The animal was a local legend among the people living in a protected area of southeastern Brazil's Atlantic rain forest. They reported sightings of a pure-white tapir, a piglike animal that's usually dark brown, roaming the area, but there was never any proof.
Such tales piqued the interest of National Geographic contributing photographer Luciano Candisani, who wanted to capture the ghostly beast on film.
So, in May 2014, Candisani traveled to one of the odd tapir's reported hangouts in the Votorantim Reserve and waited for the nocturnal animal under the cover of darkness. Many tapirs came by, but no white ones. Undeterred, the photographer set up a camera trap, which takes a picture whenever something passes in front of it.
"My heart skipped a beat when, while reviewing the photos from one night, the white tapir suddenly appeared in one of the frames," says Candisani.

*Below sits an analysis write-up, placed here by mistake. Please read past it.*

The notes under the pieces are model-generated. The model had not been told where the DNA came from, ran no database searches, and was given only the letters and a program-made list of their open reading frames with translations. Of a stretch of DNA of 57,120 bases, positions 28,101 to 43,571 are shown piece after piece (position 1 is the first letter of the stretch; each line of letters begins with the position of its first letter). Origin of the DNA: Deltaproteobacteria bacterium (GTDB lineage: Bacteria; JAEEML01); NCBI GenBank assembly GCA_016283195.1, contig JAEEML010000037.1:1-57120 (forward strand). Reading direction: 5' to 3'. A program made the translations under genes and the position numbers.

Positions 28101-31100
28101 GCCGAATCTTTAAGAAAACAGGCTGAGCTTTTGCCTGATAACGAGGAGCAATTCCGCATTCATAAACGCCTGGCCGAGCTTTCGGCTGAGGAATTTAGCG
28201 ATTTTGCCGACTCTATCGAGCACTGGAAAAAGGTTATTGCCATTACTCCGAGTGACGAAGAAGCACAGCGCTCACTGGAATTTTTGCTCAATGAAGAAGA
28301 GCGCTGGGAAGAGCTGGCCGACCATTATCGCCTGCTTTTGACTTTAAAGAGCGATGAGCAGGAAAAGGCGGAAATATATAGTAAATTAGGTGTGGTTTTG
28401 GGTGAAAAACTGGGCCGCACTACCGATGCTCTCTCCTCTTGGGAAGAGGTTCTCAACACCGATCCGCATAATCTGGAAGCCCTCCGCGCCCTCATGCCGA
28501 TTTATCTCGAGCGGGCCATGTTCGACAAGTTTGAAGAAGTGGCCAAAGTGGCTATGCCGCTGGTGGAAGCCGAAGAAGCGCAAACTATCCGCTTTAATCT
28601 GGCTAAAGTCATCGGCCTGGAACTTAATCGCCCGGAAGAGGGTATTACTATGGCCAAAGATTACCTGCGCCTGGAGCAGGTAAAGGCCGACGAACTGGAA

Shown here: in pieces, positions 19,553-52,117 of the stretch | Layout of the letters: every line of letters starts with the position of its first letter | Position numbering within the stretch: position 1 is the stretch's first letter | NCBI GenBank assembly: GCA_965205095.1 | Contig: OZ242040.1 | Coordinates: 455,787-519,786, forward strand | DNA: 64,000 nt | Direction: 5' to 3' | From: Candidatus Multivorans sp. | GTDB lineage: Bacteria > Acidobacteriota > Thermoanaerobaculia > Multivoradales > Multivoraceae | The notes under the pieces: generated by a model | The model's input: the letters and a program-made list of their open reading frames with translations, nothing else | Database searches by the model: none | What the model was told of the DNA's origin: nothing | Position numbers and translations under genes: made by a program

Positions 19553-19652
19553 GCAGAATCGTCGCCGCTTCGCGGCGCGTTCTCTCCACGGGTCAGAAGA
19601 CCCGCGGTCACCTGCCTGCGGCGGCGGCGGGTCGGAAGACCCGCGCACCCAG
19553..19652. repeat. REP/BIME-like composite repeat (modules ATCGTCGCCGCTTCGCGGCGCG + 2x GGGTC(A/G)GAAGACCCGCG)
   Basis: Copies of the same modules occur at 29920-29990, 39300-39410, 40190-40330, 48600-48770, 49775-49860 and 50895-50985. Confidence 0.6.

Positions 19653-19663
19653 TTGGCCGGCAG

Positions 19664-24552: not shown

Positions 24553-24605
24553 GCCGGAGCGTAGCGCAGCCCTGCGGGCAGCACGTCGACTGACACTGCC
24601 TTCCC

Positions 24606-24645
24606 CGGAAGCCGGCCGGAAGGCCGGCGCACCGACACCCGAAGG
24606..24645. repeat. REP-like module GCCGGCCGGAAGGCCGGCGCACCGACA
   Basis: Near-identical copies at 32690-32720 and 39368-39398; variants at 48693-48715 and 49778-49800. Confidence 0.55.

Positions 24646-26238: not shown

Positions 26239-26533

It's the first known photo taken of an albino lowland tapir (Tapirus terrestris) in the wild.
Candisani said he feels lucky to have photographed such a rare and elusive animal. Since photographing the albino tapir, Candisani has set up more camera traps in the area and captured images of other little-seen South American creatures, such the bush dog.
"The threatened Atlantic Forest," he says, "can still hold many surprises for science."
(Source: National Geographic)